1. Compare and contrast photosynthesis and cellular respiration.
2. Identify the reactants and products in photosynthesis and cellular respiration.
3. Describe what types of cells perform these processes.
4. Classify these processes as chemical reactions.
Photosynthesis and cellular respiration are two chemical reactions that happen inside of cells and are very important to living systems. They are both chemical reactions because in each process, matter is changed into new forms of matter. Photosynthesis occurs in the chloroplasts of plant cells (as well as algae and some bacteria). Cellular respiration occurs in the mitochondria of eukaryotic cells, both plant and animal.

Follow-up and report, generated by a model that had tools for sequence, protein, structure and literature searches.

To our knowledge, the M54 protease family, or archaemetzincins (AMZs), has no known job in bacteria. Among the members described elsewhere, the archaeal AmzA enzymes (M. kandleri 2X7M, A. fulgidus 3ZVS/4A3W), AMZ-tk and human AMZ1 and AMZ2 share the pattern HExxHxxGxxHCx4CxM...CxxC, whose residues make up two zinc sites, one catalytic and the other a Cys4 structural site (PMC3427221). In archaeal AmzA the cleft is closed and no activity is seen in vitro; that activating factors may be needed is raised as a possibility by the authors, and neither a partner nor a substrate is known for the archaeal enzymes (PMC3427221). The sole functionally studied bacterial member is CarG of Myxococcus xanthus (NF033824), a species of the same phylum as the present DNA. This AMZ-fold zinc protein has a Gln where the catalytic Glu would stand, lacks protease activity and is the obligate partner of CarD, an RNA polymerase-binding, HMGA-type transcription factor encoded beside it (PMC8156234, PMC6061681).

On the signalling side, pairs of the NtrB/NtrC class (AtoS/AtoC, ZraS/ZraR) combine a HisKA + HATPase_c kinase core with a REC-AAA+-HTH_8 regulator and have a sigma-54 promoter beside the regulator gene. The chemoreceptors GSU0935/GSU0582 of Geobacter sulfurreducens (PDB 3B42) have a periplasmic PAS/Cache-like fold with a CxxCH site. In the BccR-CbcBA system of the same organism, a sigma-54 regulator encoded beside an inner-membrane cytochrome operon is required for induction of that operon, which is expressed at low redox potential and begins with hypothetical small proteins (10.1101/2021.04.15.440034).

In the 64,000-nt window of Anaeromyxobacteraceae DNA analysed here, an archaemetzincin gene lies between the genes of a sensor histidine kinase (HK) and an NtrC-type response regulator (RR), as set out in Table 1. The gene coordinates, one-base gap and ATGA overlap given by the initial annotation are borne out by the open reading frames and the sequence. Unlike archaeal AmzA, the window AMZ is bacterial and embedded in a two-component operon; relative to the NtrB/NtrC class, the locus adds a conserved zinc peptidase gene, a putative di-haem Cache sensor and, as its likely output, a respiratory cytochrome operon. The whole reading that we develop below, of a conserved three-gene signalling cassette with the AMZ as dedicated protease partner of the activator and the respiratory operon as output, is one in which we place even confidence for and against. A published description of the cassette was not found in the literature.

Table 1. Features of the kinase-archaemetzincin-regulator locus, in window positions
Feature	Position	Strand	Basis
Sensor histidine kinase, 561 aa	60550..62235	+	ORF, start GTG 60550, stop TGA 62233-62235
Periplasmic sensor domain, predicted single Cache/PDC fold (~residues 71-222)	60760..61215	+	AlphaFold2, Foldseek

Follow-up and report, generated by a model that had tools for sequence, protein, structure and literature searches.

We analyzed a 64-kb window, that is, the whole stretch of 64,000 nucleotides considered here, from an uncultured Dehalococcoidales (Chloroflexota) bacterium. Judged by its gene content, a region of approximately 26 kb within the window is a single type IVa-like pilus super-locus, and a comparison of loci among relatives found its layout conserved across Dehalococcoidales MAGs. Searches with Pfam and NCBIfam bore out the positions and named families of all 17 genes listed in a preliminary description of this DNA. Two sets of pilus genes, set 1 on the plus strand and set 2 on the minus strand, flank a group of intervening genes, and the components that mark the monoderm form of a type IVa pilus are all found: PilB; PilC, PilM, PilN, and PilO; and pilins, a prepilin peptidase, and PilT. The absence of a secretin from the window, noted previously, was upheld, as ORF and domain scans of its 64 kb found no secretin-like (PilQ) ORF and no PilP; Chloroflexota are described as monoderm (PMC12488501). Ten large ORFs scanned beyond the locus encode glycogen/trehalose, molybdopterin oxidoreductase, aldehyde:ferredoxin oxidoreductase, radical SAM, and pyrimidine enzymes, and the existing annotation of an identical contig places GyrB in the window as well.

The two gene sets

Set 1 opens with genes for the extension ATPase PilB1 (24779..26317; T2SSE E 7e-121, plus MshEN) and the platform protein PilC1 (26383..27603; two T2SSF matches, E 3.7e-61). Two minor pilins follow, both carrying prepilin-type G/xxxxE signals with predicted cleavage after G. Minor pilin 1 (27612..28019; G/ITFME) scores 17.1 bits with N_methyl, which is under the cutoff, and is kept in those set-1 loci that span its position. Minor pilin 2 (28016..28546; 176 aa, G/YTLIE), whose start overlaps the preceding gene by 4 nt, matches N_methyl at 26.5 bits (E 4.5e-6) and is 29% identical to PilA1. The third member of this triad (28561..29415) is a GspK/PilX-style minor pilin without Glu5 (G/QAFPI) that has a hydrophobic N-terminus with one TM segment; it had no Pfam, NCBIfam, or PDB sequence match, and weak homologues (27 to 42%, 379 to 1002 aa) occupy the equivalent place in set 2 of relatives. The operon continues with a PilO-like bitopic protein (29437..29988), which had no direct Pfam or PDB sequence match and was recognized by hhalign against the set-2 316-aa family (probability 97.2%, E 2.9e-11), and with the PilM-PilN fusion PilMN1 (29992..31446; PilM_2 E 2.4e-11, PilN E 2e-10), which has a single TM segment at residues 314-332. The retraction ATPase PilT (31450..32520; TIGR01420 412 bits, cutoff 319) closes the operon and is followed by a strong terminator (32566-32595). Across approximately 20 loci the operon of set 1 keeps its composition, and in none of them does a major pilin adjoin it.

The reactants of photosynthesis are water and carbon dioxide, which the plant takes in from the environment and reacts to make the products glucose and oxygen. The glucose stays in the plant (which may be eaten by heterotrophs) and much of the oxygen is released into the environment (where it is taken in by animals).
The reactants of cellular respiration are glucose (that is provided to animals by the plant-based foods we eat) and oxygen (breathed in from the environment through the respiratory system and carried to cells by the circulatory system), which react to produce the products carbon dioxide and water, which are exhaled back out into the environment. Energy is released by this chemical reaction, which is how cells get energy when mitochondria perform cellular respiration!